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Obesity Medications Semaglutide, Tirzepatide, and Retatrutide: New Data and Concerns

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By Pan-American Life Insurance Group
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Key Points

  • Semaglutide and tirzepatide are hormone-mimicking drugs originally used to treat diabetes.
  • There are questions about the sustainability of weight loss.
  • And potential health consequences.


Medications to treat obesity have been at the front and center of medical discussions ever since new drugs appeared on the market, full of promise and questions. Some of these medications, along with new research results on them, were presented at the recent ObesityWeek conference, held in Dallas, Texas in October. Specialists’ data and opinions were compiled in an article that appeared in the December edition of JAMA Network.

Discussions centered on semaglutide, the GLP-1 receptor agonist for chronic weight management marketed as Wegovy, and tirzepatide, a glucagon-like peptide-1 (GLP-1) and glucose-dependent insulinotropic polypeptide (GIP) receptor agonist.  Tirzepatide, whose brand name is Zepbound, was approved by the US Food and Drug Administration (FDA) on November 8.

Semaglutide and tirzepatide are drugs that mimic hormones that were originally approved as diabetes therapies under the names Ozempic and Mounjaro, respectively.

John Michael Taormina, MD, assistant professor at the University of Colorado School of Medicine, stressed one of the most critical aspects of this discussion: “ In the era of highly effective drugs for weight management, the role for intensive diet and exercise changes and frequent behavioral counseling may be less clear.”

In this vein, researchers presented the results of the SURMOUNT-3 trial, which was designed to look at the efficacy of adding tirzepatide after intensive lifestyle intervention that included a low-calorie diet, 2.5 or more hours of physical activity per week, and regular behavioral therapy.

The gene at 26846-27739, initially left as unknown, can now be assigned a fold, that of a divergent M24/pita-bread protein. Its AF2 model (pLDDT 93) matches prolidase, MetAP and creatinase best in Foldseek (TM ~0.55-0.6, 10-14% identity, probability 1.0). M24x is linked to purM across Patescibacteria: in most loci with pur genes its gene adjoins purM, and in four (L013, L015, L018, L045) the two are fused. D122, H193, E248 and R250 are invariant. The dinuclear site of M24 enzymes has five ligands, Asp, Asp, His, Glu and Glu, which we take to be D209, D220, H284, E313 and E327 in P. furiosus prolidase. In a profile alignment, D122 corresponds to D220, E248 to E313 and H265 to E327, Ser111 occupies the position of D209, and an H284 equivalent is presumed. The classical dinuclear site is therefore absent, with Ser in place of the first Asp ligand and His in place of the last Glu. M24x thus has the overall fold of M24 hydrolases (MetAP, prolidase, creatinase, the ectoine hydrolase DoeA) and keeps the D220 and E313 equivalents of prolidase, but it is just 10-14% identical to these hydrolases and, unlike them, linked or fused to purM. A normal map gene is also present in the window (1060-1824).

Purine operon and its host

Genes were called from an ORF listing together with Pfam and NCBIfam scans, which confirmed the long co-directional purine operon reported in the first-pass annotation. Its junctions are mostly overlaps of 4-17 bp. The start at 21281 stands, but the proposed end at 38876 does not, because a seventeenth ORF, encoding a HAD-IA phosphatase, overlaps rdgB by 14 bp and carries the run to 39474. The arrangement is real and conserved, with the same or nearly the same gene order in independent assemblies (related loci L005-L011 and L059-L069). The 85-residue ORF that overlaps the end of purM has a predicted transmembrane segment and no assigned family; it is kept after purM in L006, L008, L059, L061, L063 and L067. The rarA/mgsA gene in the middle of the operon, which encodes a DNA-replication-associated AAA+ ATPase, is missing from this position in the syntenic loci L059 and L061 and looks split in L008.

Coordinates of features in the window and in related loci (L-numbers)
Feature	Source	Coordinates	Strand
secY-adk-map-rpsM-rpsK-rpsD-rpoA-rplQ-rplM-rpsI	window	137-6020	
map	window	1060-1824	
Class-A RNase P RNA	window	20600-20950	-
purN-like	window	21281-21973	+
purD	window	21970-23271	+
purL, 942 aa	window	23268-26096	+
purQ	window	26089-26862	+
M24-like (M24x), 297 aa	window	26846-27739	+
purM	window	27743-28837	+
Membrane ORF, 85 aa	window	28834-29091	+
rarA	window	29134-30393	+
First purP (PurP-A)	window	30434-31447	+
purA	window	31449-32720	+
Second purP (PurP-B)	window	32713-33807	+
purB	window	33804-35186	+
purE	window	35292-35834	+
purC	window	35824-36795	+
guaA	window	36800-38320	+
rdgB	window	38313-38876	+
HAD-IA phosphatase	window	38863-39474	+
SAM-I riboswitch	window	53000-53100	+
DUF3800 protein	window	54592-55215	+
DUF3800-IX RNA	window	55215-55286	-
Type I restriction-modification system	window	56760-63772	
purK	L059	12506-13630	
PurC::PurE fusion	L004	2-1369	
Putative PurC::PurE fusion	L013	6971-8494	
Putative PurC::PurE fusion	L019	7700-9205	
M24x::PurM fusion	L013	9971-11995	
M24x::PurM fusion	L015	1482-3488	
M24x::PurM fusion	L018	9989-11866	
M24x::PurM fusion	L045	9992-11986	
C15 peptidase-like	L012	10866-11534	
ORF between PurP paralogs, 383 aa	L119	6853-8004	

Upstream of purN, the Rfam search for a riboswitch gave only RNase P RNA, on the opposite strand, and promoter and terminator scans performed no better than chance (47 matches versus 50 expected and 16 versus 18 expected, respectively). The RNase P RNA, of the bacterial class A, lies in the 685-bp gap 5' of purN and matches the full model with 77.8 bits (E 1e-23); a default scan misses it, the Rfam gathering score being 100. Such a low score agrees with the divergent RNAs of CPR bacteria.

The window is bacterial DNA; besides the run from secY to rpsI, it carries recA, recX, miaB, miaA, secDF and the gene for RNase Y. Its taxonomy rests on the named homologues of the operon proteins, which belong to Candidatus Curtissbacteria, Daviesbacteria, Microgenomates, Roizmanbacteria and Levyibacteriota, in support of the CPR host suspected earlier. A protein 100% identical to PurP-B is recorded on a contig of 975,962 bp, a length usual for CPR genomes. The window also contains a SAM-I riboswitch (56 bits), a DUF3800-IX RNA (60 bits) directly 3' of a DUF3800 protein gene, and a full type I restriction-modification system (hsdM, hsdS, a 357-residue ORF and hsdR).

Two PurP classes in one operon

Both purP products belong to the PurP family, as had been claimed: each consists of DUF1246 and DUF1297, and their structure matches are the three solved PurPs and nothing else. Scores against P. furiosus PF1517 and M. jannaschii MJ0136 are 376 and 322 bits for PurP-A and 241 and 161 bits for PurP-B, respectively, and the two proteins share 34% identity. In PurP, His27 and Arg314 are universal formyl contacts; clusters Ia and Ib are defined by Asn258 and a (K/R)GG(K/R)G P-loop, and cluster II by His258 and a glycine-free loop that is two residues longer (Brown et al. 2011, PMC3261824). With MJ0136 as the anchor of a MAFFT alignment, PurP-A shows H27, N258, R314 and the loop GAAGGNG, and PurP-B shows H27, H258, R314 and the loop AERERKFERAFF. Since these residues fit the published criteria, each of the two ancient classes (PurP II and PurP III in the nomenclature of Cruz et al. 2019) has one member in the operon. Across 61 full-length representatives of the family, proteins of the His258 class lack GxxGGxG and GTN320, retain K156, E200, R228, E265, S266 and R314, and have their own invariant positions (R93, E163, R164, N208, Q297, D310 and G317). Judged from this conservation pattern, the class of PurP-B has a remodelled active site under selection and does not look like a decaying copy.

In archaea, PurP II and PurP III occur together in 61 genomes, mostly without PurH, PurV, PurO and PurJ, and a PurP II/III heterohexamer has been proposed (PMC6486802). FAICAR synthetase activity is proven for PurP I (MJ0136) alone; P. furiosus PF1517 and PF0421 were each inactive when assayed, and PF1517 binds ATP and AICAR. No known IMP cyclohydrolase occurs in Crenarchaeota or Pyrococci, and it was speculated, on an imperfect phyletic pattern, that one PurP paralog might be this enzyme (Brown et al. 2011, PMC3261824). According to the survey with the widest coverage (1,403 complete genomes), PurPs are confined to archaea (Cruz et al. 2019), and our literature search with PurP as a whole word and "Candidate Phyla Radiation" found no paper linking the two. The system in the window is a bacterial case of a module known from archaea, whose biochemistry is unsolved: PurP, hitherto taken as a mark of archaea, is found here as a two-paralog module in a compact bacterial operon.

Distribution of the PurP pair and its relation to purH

According to the study authors, although intensive lifestyle intervention is a “cornerstone of obesity management,” its general efficacy is limited because only a minority of people achieve significant weight loss, and regaining weight is common. In the SURMOUNT-3 trial, 600 participants who had already lost an average of 5% of their body weight as part of a 3-month intensive lifestyle intervention were randomized to two groups, with one receiving tirzepatide and the other placebo.  Their baseline body mass index (BMI) before the lifestyle intervention was 30 or greater, or 27 or greater with at least one obesity-related complication besides diabetes.

After 72 weeks, people who received tirzepatide in doses of 10 mg or 15 mg lost an additional 18% of their body weight on average, whereas people who received a placebo regained 2.5% of their body weight.

Tirzepatide’s efficacy was clear, but questions remain about how much exercise or calorie restriction is necessary with new anti-obesity medications, said Taormina, who treats patients with obesity at the University of Colorado Anschutz Weight Management and Wellness Clinic.


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In the trial that followed, SURMOUNT-4, people who received tirzepatide for 88 weeks lost 26% of their body weight without any intensive lifestyle intervention. These results were presented this October at the European Association for the Study of Diabetes meeting. 

Although trials continue to analyze how these new medications interact with other interventions, there are still other questions to be answered, such as: do patients who take these medications lose healthy lean body mass? Do they develop nutritional deficiencies? What are the results of these new drugs based on the person’s age and whether they have preexisting conditions?

Another concern is weight cycling with the drugs, said Taormina. In this scenario, people who have lost significant weight stop taking the medications, regain weight primarily as fat (increasing their total fat percentage), and “subsequently may have greater challenges losing weight with future attempts,” he explained.

Another ObesityWeek talk, led by Dr. Jacinda Nicklas, was on the use of these medications by sex. In-depth analysis of data from the semaglutide STEP trials revealed that women had greater weight reduction than men. This was also seen in a phase 2 retatrutide trial on the treatment of obesity without type 2 diabetes. Participants who received the highest dose lost an average of 24% of their body weight, but women lost much more—around 29%—than men, who lost approximately 20%.

Doctors said that the conference, instead of providing definitive answers, demonstrated that specialists are anxious for more data on the new generation of anti-obesity medications and from current weight assessment tools beyond BMI, a controversial stand-alone obesity measurement. 

Taormina said that body composition measurements such as waist circumference or dual-energy x-ray absorptiometry (DXA) scans, should be included in clinical trials of new drugs, but also should be available and affordable for people currently undergoing obesity treatment.

This story was produced using content from original studies or reports, as well as other medical research and health and public health sources cited in links throughout the article.